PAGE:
We missed the Keiller factory, though we did see fields of fruit canes, which took care of the “jam” element. D C Thomson, publishers of many famous comics and annuals, are also based there. I say “famous” rather than “comprehensible” because it includes Scottish classics such as Oor Wullie and The Broons, which are distinctively Scottish in language. It’s a bit like reading Burns, but with the bonus of pictures.

We did, however, see the “jute“. In fact we saw a lot more jute than we wanted to, as we were forced to endure a lengthy film and display by a stern woman who seemed unwilling to let us go without forcing us full of information on jute. I suspect she’d once been a Gauleiter in the Jute Information Board or some such body.

Though we were interested in the jute, we were actually there for the Tay Bridge and the Discovery.

I’m not sure exactly which postcode it all fell under but Dundee is DD1 to DD4 so it will do. With hindsight we should have spent more than just one day in Dundee as there’s a lot to see.

It was a great holiday in some ways, and a low point in another. At the time someone owed me £1,200, and the recovery process wasn’t going well. After one particular phone call I made life hell for everyone, which really wasn’t fair. It’s one of those things that comes back to haunt me – bad parent, bad husband. Fortunately it was only for part of a day.

The debtor eventually came up with £600. Then he died, with no assets and a gambling problem I’d been unaware of.

He drowned after falling into a ditch and whilst in drink. (Gambling wasn’t his only problem).  There was some talk about a car being seen speeding away from the area where he was found. There was also a suggestion that I’d been involved. And that was why I sometimes tell people I was a suspect in a murder case. (I wasn’t, because the police never contacted me, but it makes me sound more interesting).

The interesting fact about DD4?


There are three towns in the UK with football stadiums less than a mile apart.

At three – Liverpool and Everton. Under a mile apart.

At two – Nottingham Forest and Notts County – the closest football league grounds in England, just 300 yards apart.

At one – Dundee and Dundee United – the closest in the UK – just 100 yards apart. Look at the map and gasp in wonder. They are close.




Sun, Sea and Sand. And Sunburn.

I’m sitting here with several hundred photographs and experiencing that warm glow well known to bald men who forget their sun hats in the middle of a heatwave. It’s quite sore at the moment, though it’s nothing like it has been for the last few days. I never knew that my scalp flexed so much until it became painful to move.

In just a few hours I returned to a simpler time, to an era when sun wasn’t linked to skin cancer, and I was a carefree youth. I spent a week walking around Norfolk in 1976 and lost the skin off my back and shoulders. Since then I have been more careful – until I hit my second childhood this week. Anyone who is familiar with Swan Vestas will be able to imagine what I look like. (If you aren’t familiar, they are matches with pale stems and bright red heads).

We just had a few days in East Anglia. I’ve been taking more exercise than usual and getting more sleep so despite having plenty of material to write about I’ve not done much. Sorry about. When I eventually change the name of the blog I’m considering The Lazy Blogger as a title. It’s not only an accurate title but it’s pretty close to what Julia calls me all the time.

I’m just getting back into my stride – it was the sort of holiday you need a holiday to recover from. Seven piers, two forts and a nature reserve don’t see themselves. I also had to consume two lots of haddock and chips and a cream tea for the purposes of research. Lesser men would have wilted under the pressure. I merely whined a little.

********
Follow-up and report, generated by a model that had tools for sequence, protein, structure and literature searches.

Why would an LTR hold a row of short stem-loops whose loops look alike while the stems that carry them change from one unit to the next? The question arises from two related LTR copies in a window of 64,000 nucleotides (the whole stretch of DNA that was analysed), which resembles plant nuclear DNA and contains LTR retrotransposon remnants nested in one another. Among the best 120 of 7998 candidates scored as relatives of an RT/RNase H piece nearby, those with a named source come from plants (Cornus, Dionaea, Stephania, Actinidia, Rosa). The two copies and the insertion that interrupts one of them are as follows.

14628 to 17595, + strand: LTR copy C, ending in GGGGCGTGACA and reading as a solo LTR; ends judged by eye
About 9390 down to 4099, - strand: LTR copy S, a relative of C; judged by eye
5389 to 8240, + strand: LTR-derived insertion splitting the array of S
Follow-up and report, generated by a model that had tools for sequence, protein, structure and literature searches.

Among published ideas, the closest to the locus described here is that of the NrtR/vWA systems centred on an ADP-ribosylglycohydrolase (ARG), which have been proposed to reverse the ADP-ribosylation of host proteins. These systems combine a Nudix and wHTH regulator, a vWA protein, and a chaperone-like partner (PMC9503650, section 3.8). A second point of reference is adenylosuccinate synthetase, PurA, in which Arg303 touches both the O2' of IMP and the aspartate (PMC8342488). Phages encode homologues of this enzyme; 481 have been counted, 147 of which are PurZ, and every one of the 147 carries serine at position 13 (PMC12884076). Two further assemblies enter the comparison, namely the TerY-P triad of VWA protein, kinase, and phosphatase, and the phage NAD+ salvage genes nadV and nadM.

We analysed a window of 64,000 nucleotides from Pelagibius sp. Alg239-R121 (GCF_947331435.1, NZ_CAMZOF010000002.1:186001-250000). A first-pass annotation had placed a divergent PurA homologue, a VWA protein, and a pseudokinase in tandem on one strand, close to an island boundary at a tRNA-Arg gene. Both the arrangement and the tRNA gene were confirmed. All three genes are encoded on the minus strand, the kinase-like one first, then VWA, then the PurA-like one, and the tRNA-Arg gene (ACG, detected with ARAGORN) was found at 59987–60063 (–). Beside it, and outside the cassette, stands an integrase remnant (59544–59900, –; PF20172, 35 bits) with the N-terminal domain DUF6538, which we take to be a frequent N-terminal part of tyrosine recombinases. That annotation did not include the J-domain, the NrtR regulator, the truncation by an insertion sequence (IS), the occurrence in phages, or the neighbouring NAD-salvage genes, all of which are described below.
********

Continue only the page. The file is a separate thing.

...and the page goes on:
All will be revealed in due course.

For now I offer a selection of photographs of Julia in holiday mood.



More Guest Photos

Suddenly realised, at 11.54, that I needed to post before midnight. What should I post? Well, here are some photos from Julia’s trip to Malta. Featured image shows her with offspring, in case you are wondering who the two strange men are. I particularly like the one of the cactus, though the one of Julia isn’t too bad. The Seawater Distillery building is quite interesting too.








A New Theory of Relativity

This morning Julia’s alarm, as usual, went off shortly before mine. They are both on our telephones, which are presumably;y linked to an atomic clock somewhere,  so I’m at a loss to explain the difference. My car clock is set from my watch, which I keep two minutes fast,and it agrees with neither phone.

In the days before mobiles we had a time signal on the radio, and everyone seemed to take punctuality more seriously.

So, having had a disturbed night lay there waiting to fall asleep again. This half hour delay allows her to use the bathroom without feeling hassled and allows me to avoid making breakfast. This is either the mark of a caring husband, or a lazy sluggard. I have censored her actually words, but the last three letters are the same. In another example of relativity I prefer not to subject my readers  to profanity.

Anyway, back to the relativity of time. Normally I fall asleep for my extra half hour. Today I didn’t. It seemed to drag on forever. I started to wonder if I’d been in such a deep sleep that Julia had left without me. But no, When I checked my alarm the “hours” had passed in 23 minutes. The remaining seven minutes also dragged…

Normally I’d love an extra half hour in bed. This morning, mainly because we are resisting the use of heating, I decided to tough it out under the duvet as luxury turned into an endurance test.

And that, if I may be so bold, is my Theory of Very Ordinary Relativity. It’s not about things like time travel, or time moving slower at the tops of high buildings. If it was I’m sure that geriatric scientists would live in tower block, not bungalows.

It’s about very ordinary things, like not all time being of equal value and a week on holiday passing quicker than a week at work.

Unless (a) your wife starts worrying about whether she locked the door properly, or (b), you are spending it in Berwick-on- Tweed. But that is another story.